2. Lack of Community - Churches today struggle to see the value in online community. While most churches have some sort of biblical community available in the physical space through classes, small groups, Sunday school, etc, churches have failed to recognize the value of virtual groups. While corporations have been hard at work connecting people from around the world virtually, the Church shows little interest.
  3. Online Discipleship - Following the lack of community online comes a lack of true discipleship online. This isn't inherently related to a lack of trust with online environments, but digital/online is an ever-pressing way to solve these problems. Churches today spend so much time preparing for their one hour service on Sunday that they forget there are another 167 hours a week where they can help people grow deeper in their faith.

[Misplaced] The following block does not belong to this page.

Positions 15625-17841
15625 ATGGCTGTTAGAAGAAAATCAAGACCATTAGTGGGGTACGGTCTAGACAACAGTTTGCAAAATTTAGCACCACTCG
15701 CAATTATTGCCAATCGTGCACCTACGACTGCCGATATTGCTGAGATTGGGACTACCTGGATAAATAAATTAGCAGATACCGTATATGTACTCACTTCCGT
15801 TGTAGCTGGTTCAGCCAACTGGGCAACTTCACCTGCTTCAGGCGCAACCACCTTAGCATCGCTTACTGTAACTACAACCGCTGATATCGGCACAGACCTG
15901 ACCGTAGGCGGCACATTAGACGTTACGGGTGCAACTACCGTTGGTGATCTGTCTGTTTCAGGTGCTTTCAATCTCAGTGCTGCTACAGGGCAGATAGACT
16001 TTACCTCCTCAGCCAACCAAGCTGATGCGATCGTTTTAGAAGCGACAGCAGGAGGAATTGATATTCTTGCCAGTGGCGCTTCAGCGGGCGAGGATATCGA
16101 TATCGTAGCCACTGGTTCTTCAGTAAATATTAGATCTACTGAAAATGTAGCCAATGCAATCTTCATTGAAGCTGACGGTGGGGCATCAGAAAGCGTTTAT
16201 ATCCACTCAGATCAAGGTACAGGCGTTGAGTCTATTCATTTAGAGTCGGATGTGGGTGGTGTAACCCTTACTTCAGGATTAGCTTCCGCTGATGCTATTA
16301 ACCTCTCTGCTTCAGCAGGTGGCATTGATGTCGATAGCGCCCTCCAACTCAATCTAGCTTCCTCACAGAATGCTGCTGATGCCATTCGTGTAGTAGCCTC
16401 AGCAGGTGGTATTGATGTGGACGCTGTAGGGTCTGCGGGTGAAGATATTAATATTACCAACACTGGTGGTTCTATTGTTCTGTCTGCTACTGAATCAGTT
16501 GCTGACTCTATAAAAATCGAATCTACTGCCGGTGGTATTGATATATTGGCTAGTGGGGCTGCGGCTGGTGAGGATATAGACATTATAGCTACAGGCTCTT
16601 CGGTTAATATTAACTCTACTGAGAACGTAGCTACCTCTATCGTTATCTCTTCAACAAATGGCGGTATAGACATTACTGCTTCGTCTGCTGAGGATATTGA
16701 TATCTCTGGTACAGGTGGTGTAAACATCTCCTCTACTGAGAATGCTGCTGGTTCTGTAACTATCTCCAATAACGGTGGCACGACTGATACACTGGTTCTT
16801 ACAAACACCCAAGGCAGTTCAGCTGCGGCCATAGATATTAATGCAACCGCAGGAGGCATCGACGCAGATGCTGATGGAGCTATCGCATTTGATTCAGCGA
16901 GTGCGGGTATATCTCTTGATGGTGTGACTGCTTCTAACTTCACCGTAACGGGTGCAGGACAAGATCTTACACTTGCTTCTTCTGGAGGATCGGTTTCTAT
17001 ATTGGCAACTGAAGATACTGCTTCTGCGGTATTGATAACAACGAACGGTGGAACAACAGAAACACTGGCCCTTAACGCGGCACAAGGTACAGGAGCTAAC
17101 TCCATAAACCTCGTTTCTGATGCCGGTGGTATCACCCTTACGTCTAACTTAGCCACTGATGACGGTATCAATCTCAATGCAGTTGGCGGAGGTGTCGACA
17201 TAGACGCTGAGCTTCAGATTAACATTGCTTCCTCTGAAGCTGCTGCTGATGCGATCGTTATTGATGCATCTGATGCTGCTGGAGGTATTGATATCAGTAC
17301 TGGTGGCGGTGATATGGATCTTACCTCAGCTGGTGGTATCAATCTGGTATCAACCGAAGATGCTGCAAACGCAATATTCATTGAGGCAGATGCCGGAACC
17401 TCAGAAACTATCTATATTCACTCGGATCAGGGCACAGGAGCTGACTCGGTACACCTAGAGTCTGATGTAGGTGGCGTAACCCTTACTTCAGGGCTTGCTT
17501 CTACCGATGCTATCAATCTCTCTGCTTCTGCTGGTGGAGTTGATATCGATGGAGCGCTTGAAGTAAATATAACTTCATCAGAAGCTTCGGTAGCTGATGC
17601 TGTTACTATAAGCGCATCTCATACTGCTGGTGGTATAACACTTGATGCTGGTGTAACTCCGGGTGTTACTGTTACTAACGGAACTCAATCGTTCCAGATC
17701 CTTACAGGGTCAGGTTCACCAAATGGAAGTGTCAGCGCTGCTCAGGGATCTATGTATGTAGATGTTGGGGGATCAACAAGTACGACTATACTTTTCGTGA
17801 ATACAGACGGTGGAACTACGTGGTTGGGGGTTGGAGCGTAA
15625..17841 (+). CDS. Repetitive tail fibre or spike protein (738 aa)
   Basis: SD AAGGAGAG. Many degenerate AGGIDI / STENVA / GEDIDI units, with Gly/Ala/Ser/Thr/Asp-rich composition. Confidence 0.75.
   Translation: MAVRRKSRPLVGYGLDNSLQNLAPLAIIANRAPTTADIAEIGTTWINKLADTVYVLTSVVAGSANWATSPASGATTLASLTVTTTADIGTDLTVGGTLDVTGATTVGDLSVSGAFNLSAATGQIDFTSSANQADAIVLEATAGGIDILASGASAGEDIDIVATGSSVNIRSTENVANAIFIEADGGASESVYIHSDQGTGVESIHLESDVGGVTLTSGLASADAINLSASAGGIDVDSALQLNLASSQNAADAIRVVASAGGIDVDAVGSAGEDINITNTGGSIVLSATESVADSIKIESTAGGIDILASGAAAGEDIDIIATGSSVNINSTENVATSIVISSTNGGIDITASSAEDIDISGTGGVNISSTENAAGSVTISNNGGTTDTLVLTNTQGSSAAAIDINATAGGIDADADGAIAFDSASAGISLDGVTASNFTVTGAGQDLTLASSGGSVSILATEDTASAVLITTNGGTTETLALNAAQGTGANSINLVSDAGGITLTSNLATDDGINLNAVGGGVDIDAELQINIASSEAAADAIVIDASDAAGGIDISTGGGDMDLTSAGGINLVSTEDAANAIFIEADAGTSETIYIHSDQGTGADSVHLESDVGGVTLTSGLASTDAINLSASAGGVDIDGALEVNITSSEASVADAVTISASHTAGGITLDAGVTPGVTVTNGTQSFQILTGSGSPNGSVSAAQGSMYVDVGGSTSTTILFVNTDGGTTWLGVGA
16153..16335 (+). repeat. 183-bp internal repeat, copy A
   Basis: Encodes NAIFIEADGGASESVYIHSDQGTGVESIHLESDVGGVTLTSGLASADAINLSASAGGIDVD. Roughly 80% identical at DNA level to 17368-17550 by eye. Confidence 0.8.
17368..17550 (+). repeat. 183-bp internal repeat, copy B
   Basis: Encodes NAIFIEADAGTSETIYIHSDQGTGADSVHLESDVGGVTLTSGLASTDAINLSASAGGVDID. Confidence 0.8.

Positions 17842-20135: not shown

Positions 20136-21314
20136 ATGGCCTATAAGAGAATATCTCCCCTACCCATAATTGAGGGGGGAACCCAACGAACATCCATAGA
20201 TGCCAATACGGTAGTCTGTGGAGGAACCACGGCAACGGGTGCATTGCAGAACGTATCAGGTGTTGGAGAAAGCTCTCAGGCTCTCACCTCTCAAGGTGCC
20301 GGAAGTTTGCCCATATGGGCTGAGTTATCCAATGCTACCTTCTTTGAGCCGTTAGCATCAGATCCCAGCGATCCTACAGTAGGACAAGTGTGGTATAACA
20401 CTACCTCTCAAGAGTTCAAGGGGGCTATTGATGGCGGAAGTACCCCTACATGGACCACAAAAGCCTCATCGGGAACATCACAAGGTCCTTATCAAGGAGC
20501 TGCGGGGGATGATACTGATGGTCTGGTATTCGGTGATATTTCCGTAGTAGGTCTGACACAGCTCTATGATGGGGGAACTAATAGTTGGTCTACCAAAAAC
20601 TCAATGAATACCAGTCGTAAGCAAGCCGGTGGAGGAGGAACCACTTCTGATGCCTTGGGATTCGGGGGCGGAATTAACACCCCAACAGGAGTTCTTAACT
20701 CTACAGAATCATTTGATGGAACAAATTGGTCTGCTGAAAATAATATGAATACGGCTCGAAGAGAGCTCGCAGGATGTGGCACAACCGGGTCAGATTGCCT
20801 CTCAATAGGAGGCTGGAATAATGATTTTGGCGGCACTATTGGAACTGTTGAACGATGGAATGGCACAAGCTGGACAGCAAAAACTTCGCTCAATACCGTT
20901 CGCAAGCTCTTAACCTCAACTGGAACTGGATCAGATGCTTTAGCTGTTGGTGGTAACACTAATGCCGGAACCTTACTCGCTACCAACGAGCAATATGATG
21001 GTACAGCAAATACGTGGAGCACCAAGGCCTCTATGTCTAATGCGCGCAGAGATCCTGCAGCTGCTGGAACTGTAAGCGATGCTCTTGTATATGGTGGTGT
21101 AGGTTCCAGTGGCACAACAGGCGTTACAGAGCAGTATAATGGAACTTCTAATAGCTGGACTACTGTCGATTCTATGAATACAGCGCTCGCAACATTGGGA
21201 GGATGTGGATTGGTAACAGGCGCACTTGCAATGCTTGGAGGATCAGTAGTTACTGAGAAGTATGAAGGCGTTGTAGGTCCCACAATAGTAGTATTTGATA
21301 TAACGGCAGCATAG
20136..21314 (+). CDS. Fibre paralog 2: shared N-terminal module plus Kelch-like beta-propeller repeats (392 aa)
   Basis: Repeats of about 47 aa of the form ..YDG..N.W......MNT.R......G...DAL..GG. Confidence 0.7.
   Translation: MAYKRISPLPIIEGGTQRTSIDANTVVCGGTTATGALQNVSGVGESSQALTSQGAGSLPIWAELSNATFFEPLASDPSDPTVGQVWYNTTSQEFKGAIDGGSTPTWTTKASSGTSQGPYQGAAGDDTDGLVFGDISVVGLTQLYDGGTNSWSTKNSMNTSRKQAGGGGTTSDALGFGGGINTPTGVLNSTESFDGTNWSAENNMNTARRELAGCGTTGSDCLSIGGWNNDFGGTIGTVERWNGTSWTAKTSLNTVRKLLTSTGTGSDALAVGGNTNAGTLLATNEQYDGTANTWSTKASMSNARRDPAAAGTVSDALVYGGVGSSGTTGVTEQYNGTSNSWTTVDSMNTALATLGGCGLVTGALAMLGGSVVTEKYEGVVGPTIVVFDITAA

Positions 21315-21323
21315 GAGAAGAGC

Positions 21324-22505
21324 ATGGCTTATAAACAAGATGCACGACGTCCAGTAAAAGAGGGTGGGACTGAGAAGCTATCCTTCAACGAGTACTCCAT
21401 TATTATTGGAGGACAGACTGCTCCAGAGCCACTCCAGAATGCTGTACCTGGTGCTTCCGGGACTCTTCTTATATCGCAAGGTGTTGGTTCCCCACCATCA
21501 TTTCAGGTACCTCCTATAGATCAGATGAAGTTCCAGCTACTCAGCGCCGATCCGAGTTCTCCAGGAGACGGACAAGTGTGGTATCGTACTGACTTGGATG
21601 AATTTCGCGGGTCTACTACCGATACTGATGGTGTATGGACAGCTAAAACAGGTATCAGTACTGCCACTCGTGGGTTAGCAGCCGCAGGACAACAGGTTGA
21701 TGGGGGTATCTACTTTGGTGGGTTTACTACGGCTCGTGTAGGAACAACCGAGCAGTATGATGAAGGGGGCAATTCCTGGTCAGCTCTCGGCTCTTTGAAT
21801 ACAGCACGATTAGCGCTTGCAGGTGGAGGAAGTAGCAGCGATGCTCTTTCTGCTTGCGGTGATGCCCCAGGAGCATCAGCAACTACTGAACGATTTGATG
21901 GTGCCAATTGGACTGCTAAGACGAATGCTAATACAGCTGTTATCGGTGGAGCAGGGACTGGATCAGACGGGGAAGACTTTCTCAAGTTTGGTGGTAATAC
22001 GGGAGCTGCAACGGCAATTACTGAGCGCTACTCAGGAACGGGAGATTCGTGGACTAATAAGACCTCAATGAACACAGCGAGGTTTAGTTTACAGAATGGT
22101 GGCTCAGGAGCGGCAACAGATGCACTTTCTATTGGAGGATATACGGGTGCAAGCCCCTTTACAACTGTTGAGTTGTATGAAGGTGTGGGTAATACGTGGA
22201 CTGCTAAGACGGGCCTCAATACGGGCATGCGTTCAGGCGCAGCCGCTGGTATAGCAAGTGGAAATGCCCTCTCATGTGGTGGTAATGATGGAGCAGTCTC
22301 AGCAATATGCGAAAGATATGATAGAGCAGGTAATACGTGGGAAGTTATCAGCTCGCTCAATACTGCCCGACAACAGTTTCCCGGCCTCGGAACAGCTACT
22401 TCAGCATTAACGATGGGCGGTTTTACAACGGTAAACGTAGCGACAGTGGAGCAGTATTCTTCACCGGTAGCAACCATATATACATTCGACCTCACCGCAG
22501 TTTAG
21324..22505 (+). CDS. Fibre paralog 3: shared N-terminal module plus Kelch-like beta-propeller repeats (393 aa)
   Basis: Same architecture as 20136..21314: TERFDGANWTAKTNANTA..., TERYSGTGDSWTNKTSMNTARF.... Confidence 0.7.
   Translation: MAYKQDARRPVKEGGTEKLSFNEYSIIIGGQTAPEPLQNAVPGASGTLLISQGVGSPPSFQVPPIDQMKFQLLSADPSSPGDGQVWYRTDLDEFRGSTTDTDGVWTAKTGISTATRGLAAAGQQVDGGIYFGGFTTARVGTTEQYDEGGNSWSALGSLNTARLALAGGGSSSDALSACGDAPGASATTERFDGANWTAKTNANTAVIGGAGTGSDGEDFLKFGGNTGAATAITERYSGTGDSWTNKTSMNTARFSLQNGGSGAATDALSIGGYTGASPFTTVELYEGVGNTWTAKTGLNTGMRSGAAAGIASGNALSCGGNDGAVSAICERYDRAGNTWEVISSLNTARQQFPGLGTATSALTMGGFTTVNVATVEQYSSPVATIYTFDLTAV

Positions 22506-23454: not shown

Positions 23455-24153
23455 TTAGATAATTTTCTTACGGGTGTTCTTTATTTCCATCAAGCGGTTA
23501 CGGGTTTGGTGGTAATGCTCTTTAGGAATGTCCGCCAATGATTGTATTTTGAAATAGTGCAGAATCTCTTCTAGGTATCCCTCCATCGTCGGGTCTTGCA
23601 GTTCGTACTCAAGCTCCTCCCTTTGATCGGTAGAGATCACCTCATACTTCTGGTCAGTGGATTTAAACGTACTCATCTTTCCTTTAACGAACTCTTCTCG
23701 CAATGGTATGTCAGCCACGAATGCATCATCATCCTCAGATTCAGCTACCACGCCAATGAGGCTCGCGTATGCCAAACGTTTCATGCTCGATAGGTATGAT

4. Potential Political/Cultural Climate - The cultural climate towards churches (and Christians overall) is getting significantly more difficult by the day. We're seeing evidence of this even right now in the state of Wisconsin, where pressure is building as the tax exemption that churches benefit from is being called unconstitutional. Many experts are saying it is only a matter of time until churches lose their tax exempt status nationwide. Can you imagine the cost to the churches once they have to start paying property tax? Or the loss to the Pastors who have had housing exemptions (estimated total at $800 million a year)? Churches who have giant properties may soon find themselves unable to afford the tax bill. Or, as difficult as it is to imagine, what happens in a world where churches are prevented from functioning the way they currently do? What if Churches aren't allowed to purchase land? What if Christians had to create a system that wasn't centered around a brick and mortar building to survive?